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Greendale Project, Green Mountain National Forest, Manchester Ranger District, Town of Weston, Windsor County, Vermont

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Information about this document as published in the Federal Register.

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Forest Service, USDA.


Notice of intent to prepare an Environmental Impact Statement.


The Greendale Project (Project Area) is located on the Green Mountain National Forest (GMNF) in the Town of Weston on lands north of the Landgrove-Weston Road and west of Route 155, and affects National Forest Service System Lands adjacent to the Trout Club Rd., Moses Pond Rd., Jenny Coolidge Rd., and the Greendale Rd. The Project Area covers approximately 5,404 acres and includes portions of Forest Plan designated Management Areas 2.1A, 3.1, 4.1, and 6.2A encompassing Compartments 27, 29, 30, 31, 32, and 45. The 1986 Green Mountain National Forest Land and Resource Management Plan (Forest Plan) determined that these lands are administratively available for recreation, wildlife, fisheries and vegetation management to meet a range of resource management objectives.

The Proposed Action would treat approximately 895 acres through evenage and unevenage tree harvest using three or more commercial timber sales; harvesting approximately 4 million board feet of timber.

Evenage management would include 26 acres of overstory removal, 267 acres of thinning, 62 acres of clear-cutting scattered throughout the project area, and 154 acres of delayed shelter-wood harvest. Unevenage management would consist of 282 acres of individual and 104 acres of group tree selection harvest. The objective is to promote both aspen and softwood tree regeneration, maintain and restore the diversity of tree species & age classes, promote forest health, improve winter deer habitat, and maintain a diversity of wildlife habitats within the Project Area. The project would also restore and maintain approximately 32 acres of historic apple orchards and improve stream and fish habitat on approximately 1.5 miles of Jenny Coolidge Brook. There would be no new road construction or reconstruction of existing roads.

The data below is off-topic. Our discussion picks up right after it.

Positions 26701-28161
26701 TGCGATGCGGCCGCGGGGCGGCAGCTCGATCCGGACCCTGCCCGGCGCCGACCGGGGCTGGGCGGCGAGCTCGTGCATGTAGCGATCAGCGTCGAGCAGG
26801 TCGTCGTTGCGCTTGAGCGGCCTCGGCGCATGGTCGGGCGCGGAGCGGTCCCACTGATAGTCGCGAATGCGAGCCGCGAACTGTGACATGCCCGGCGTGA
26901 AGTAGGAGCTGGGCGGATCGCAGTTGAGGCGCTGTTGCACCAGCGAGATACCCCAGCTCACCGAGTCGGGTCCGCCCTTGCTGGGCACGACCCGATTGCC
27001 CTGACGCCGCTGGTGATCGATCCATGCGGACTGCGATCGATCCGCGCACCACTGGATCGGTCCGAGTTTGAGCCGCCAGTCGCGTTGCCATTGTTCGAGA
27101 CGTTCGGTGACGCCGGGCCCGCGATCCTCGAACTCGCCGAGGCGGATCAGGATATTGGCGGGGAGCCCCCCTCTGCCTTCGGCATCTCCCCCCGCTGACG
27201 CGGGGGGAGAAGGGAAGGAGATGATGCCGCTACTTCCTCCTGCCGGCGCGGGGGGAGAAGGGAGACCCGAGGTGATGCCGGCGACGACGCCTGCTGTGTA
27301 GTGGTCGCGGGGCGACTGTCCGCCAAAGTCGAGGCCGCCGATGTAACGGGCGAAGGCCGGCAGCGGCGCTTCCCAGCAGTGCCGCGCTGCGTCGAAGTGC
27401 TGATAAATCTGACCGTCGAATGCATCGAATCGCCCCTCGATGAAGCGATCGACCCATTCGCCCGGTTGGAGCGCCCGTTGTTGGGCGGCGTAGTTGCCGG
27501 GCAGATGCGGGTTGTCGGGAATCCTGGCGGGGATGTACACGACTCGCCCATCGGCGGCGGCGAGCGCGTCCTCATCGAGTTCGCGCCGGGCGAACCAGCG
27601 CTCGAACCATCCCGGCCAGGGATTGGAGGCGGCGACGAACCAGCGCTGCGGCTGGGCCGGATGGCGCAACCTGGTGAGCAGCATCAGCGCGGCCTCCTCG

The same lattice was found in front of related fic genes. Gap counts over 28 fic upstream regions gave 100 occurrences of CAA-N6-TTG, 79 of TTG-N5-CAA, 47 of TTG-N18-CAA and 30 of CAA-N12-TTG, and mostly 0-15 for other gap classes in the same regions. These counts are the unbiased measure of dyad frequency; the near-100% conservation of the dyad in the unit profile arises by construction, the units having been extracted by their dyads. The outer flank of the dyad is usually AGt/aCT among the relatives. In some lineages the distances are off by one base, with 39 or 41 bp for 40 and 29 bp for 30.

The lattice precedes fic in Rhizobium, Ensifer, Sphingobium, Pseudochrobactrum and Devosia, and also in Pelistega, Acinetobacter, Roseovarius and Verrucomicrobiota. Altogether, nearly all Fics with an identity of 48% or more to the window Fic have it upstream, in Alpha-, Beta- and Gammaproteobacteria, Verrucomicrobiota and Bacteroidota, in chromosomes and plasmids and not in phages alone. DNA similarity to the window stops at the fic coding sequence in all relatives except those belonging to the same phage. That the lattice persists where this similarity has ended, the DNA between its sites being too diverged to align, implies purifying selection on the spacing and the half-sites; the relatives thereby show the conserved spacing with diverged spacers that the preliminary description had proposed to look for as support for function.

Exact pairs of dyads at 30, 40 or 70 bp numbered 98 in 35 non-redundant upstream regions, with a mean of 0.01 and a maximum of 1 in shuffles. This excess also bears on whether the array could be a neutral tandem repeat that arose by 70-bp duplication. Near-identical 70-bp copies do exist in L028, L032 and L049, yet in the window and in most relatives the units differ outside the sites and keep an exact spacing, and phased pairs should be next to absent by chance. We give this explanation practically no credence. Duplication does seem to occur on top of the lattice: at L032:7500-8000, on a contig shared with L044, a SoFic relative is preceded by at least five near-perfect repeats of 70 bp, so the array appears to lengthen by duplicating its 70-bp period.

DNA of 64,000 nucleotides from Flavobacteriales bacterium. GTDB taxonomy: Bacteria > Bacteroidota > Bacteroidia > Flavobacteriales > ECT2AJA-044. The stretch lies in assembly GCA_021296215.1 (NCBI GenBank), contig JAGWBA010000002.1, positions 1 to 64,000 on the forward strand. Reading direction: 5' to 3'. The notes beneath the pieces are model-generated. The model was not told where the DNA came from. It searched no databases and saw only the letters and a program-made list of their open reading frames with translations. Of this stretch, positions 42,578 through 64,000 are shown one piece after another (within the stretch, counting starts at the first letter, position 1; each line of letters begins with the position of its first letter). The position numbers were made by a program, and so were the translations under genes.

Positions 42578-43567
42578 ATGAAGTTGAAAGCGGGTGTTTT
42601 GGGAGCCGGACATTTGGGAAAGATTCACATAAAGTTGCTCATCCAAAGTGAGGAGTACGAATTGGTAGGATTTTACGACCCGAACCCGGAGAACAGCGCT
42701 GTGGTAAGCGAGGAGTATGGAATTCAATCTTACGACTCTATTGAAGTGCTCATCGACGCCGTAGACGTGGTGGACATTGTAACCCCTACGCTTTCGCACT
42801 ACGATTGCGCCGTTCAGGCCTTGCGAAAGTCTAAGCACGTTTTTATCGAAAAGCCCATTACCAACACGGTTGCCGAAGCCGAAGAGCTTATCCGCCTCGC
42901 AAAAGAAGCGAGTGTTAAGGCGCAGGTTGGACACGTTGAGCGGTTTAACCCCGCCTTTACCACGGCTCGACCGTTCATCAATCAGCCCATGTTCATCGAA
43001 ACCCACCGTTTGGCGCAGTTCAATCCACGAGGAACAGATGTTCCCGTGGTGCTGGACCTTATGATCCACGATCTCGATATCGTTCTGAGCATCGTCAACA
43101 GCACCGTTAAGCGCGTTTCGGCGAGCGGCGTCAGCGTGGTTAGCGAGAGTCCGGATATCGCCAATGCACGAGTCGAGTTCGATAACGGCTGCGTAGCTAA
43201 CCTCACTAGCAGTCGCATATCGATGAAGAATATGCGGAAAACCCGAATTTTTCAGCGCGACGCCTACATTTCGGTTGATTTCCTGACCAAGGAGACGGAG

Written comments concerning the scope of the analysis should be received by February 20, 2002 to ensure timely consideration. The Forest Service will also conduct one or more public scoping meetings regarding this vegetation management proposal. The public will be notified as to the date, time and location of these meeting as they are scheduled.


Please send written comments to: Dennis Roy, District Ranger, Manchester Ranger District, 2538 Depot Street, Manchester Center, Vermont 05255.

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Edward Toth, project leader either by writing to him at the Manchester Ranger District, 2538 Depot Street, Manchester Center, Vermont 05255 or by telephone at (802) 362-2307 Ext: 212 if you have questions about the project and the preparation of the EIS or if you would like to be on the mailing list for this project.

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The Project Area is located within the Town Of Weston, Windsor County, Vermont. It encompasses approximately 5,404 acres of National Forest System Lands on the GMNF. The 1986 Forest Plan determined these public lands to be administratively available for recreation, wildlife and fisheries habitat improvement and vegetation management provided: (1) The proposed Start Printed Page 2400activities are consistent with the management prescription for each Management Area (MA), and (2) that site-specific restrictions, in the form of standards and guidelines, are implemented to protect the Project Area's natural and cultural resource values. MAs found in the Project Area are:

Management Area 2.1 (38% of the Project Area)—Uneven age management is the preferred forest management method to maintain continuous forest cover and both roaded natural and dispersed recreation opportunities.

Management Area 3.1 (16% of the Project Area)—Even age management is the preferred forest management method to maintain a mosaic of vegetative conditions in a roaded, intensively managed but natural appearing environment.

Management Area 4.1 (13% of the Project Area)—Both evenage and uneven age management would be used to provide long-term suitable, stable deer winter habitat with a mix of forest age.

Management Area 6.2a (32% of the Project Area)—Even age management, using extended rotation lengths, is the preferred silvicultural method to maintain a physical setting that provides opportunities for solitude and a feeling of closeness to nature.